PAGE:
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Thursday, January 14, 2010

The Lord (Federal Government) Gave, and the Lord (Federal Government) Hath Taken Away

Harvard must be feeling like Job. Its endowment has taken a hit larger than the total actual endowments of of the the sum of all institutions not in the top 100. Now Harvard is the target of an IRS audit which is focused on some of the more profitable activities of this non-profit institution. See http://www.thecrimson.com/article/2010/1/13/harvard-irs-hmc-compensation/

I actually have a problem with this definition. What exactly is a non-profit? I looked to the source of all knowledge, Wikopedia to provide some insight.

"A nonprofit organization (abbreviated NPO, also not-for-profit[1]) is an organization that does not distribute its surplus funds to owners or shareholders, but instead uses them to help pursue its goals.....A primary difference between a nonprofit and a for-profit corporation is that a nonprofit does not issue stock or pay dividends and may not enrich its directors. However, like for-profit corporations, nonprofits may still have employees and can compensate their directors within reasonable bounds."

Harvard has no stockholders, so what is the problem? The problem appears to be that the investment activities which Harvard leveraged into a tidy sum. Being shrewd about investment of endowment monies should be viewed as good stewardship of resources unless it actually crosses the line into something legally suspect.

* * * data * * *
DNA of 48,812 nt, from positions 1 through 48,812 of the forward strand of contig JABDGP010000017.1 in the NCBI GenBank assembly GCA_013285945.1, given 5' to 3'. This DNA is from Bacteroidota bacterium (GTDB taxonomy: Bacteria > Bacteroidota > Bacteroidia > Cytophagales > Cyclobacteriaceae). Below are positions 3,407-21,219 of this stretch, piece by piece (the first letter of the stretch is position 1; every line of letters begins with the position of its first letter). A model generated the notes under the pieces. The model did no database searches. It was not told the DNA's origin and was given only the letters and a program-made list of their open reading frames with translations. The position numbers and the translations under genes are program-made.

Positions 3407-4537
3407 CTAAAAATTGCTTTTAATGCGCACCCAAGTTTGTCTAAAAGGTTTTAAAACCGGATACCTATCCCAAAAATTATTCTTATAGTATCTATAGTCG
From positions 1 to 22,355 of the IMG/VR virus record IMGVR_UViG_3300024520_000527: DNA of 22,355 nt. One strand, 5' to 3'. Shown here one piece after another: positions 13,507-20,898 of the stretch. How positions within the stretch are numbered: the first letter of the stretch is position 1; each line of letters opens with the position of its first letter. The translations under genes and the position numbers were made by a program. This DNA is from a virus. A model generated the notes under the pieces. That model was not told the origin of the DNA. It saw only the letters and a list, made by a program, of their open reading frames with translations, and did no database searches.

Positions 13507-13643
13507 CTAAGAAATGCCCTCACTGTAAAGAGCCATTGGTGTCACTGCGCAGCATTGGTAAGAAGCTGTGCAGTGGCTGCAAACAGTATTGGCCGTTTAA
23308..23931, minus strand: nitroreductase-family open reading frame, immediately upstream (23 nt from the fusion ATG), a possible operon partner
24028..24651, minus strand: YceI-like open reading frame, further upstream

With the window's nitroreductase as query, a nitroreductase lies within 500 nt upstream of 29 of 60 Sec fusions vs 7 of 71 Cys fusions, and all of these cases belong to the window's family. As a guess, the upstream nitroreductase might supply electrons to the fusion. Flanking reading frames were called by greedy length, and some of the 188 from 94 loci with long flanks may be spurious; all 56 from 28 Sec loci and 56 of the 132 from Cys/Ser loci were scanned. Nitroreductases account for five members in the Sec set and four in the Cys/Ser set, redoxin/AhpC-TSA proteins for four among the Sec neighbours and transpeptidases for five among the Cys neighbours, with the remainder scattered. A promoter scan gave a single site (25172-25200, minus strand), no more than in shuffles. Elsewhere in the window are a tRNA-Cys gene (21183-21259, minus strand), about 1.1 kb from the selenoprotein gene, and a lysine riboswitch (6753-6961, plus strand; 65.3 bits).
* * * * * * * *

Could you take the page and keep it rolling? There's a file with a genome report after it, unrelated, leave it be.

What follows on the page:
However Harvard, like its other brother and sister institutions which have benefited from the tax status benefits conferred upon non-profits, long ago made a deal with the state. Now that non-profits such as Harvard look like fat cats by virtually any measure, it should come as no surprise that the cash hungry Feds see an opportunity to tap into a windfall. Large research institutions like Harvard have double exposure in that they receive substantial funds from the Federal government through grants and are exempt from taxes. Although I can only guess as to the exact amounts, add to this the cash flow into the health care businesses which comes from Medicare and Medicaid and I strongly suspect that the lion's share of money which is required to operate this institution comes either directly or indirectly from the Federal government.

This a cautionary tale. Build a business whose income stream is poorly diversified and it is an open invitation to be held hostage. The Harvard model is by no means unique. If the Feds find they can bully Harvard (and I think this is highly likely), it is going to send a chill throughout academia. What to do? What behavior do you need to change? Do you fire your investment advisors if your return is too good? Discard the charade of non-profit status and perhaps operate like the motion picture industry?

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